MicroRNA (micro RNA, miRNA)
MicroRNA (or micro RNA, or miRNA) are segments of RNA that are transcribed from DNA in a way similar to messenger RNA. Some are found within introns (segments of mRNA that are removed after transcription, before translation). The key difference is their length - much shorter at only 21-23 nucleotides long, as opposed to about 2,000 for a typical mRNA - and they are not translated into proteins. Instead, they provide a mirror image match to portions of one or more mRNA molecules (that is, are complementary to them), with which they can pair-bind, thereby shutting down polypeptide translation and blocking production of the protein. In many cases, pair-binding also marks the mRNA for destruction.
In short, instead of producing a protein to oppose its matching mRNA's protein, microRNA blocks mRNA directly, which removes a layer of complexity and allows for more precise timing in controlling gene expression.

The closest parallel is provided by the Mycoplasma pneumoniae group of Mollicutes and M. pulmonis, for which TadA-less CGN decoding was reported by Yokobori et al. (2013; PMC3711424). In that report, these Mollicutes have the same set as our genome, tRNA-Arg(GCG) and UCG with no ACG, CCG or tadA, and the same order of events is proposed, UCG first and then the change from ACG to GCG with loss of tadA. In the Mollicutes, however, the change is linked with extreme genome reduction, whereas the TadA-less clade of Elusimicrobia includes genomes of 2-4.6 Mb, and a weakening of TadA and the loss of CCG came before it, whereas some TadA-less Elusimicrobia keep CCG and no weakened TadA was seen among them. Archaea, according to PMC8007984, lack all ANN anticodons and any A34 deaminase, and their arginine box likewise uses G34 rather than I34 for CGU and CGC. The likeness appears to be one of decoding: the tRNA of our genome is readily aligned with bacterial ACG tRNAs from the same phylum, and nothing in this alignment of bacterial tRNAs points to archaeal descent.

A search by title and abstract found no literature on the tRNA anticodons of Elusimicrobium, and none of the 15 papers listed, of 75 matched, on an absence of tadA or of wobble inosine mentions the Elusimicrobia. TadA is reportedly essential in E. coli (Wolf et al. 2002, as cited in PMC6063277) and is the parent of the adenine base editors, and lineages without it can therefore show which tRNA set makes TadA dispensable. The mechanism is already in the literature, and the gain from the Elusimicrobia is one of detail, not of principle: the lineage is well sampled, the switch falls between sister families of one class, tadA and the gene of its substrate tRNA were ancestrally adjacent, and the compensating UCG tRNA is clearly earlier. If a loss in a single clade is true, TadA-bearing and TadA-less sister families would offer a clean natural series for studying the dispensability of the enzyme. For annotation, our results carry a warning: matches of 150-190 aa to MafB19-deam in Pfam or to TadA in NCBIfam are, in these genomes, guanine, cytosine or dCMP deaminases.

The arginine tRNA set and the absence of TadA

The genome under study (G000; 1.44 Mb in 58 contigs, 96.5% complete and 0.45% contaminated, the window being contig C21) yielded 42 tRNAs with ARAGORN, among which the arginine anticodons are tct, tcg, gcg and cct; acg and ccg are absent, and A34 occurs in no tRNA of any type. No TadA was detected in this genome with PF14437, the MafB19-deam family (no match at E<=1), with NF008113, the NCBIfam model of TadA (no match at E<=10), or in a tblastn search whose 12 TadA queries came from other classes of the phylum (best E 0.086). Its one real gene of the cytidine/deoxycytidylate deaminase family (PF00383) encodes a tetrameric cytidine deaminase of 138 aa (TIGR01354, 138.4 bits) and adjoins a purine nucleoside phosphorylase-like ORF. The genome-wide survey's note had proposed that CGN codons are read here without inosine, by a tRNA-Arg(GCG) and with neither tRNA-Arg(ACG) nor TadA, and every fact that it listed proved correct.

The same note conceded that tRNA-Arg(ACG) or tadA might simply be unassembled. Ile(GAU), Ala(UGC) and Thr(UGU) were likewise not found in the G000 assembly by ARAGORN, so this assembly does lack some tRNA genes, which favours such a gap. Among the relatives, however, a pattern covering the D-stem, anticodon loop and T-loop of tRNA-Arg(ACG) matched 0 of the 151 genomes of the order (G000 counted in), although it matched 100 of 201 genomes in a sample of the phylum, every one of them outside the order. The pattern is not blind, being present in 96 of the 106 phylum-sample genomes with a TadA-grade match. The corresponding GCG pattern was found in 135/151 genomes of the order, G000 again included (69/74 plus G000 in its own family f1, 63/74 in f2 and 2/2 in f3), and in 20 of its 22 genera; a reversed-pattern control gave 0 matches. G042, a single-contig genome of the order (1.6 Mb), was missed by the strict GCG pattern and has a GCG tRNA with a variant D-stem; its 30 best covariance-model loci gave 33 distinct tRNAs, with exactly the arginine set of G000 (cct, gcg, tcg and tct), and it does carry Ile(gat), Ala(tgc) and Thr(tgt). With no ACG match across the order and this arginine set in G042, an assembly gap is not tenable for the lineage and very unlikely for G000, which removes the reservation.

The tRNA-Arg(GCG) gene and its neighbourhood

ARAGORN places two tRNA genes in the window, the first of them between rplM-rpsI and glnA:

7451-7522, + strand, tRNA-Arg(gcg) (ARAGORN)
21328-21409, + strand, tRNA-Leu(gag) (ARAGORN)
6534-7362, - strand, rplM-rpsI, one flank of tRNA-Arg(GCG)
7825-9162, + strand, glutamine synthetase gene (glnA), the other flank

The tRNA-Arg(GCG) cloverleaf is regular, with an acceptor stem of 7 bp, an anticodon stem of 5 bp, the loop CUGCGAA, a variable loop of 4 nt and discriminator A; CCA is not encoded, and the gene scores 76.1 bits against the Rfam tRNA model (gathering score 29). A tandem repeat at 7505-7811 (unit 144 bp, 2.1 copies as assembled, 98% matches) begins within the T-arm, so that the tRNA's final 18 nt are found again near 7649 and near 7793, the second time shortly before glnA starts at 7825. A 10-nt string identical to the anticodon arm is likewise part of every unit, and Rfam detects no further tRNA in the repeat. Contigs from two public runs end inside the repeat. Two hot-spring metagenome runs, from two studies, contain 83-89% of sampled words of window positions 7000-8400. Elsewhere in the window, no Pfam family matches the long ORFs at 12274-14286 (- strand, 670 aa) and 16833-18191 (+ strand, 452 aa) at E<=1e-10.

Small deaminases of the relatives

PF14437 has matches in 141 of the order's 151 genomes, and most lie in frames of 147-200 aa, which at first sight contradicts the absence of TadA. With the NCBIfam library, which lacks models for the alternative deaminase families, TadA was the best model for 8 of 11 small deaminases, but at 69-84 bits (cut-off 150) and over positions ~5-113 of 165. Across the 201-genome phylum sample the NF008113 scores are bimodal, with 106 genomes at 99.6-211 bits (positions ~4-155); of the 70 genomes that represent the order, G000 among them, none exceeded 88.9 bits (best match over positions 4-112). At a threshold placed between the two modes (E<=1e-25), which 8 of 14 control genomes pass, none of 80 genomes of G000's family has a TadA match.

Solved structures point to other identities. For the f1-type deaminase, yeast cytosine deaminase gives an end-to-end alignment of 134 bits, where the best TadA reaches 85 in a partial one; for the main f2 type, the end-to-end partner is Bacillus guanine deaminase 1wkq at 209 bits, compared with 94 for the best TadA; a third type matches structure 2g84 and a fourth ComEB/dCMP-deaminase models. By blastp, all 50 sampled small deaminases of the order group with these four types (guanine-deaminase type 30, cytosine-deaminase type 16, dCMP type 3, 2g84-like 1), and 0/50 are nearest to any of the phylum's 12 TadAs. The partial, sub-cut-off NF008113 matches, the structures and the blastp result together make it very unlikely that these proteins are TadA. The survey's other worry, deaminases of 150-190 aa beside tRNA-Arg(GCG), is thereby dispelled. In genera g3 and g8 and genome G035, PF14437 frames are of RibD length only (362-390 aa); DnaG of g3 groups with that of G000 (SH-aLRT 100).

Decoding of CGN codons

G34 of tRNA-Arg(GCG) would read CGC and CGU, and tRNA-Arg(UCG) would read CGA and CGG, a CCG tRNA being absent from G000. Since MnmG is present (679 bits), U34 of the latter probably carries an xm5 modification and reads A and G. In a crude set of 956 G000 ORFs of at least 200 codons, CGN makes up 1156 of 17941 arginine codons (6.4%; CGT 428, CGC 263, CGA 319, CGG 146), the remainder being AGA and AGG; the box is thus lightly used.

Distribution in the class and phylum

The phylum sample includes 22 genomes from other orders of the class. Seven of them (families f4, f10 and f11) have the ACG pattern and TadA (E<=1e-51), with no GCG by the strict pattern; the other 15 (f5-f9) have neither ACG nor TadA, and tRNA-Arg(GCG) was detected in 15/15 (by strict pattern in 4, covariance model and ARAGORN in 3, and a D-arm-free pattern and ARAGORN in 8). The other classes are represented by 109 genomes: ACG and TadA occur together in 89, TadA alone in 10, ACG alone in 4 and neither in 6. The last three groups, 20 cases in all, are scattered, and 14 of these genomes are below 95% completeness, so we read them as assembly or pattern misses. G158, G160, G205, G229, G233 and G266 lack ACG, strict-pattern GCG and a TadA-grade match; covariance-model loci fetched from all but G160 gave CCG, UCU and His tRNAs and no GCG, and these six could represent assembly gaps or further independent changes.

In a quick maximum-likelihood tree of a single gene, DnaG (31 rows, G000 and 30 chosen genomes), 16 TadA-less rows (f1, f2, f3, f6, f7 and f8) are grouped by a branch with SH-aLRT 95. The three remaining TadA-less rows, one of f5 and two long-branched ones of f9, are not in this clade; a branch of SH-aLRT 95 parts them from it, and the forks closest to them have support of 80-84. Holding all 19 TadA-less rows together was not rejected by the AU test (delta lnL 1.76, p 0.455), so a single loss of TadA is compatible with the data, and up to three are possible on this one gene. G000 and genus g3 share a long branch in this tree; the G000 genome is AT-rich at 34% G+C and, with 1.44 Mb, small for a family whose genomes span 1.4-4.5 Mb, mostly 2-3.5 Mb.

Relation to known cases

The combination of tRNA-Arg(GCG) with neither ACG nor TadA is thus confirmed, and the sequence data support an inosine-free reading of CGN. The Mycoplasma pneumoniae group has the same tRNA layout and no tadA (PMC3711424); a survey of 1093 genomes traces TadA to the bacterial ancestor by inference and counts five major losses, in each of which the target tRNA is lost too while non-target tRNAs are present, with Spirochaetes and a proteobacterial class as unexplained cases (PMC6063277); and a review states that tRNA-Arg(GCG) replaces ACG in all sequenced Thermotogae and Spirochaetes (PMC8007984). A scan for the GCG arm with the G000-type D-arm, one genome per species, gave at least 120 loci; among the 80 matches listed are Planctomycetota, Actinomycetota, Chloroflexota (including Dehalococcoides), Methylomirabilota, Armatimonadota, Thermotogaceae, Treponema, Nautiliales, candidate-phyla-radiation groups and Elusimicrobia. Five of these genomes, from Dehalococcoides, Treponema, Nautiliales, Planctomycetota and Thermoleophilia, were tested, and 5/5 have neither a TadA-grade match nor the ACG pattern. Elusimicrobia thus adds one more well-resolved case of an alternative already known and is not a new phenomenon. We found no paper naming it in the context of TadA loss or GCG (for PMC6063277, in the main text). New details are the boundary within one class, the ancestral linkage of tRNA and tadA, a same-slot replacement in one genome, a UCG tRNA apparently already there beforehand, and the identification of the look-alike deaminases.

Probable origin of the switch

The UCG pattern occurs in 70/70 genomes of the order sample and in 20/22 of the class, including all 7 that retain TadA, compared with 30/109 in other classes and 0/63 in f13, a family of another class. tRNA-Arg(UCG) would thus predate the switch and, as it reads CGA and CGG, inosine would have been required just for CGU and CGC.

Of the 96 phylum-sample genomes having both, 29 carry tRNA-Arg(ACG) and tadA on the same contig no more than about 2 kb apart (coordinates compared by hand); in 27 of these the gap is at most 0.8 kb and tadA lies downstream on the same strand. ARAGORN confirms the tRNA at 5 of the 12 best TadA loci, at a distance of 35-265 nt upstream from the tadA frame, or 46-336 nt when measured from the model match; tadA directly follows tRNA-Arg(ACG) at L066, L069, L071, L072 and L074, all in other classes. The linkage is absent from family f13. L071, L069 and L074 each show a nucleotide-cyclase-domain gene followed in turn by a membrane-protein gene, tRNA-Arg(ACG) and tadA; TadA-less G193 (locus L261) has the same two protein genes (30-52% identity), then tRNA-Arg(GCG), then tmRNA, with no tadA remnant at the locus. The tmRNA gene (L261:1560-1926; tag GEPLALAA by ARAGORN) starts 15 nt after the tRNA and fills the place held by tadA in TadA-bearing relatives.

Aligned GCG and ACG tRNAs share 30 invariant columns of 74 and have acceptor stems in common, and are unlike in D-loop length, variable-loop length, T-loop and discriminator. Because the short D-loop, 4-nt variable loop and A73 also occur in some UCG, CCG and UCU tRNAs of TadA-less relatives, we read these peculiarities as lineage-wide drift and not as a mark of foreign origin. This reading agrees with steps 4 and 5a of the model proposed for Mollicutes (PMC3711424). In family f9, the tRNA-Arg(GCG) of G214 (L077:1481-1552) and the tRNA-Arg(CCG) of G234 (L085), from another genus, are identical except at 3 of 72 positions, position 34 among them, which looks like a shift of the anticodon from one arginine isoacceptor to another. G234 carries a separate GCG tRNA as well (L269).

The first microRNA was discovered in 1993, but their full significance wasn't apparent until 2000, when a second one was found to be widespread throughout the animal kingdom. Thousands are now known, and they are involved in regulating gene expression in all aspects of running a living organism. Proteins still turn genes on and off, but microRNAs control how many proteins are made. Turning on a gene for one protein might also turn on a gene for a microRNA that stops production of a second protein. Moreover, many diseases have distinct patterns of microRNA gene expression. This makes them excellent for diagnosis, for future development of drugs that target them, and maybe even as future drugs themselves.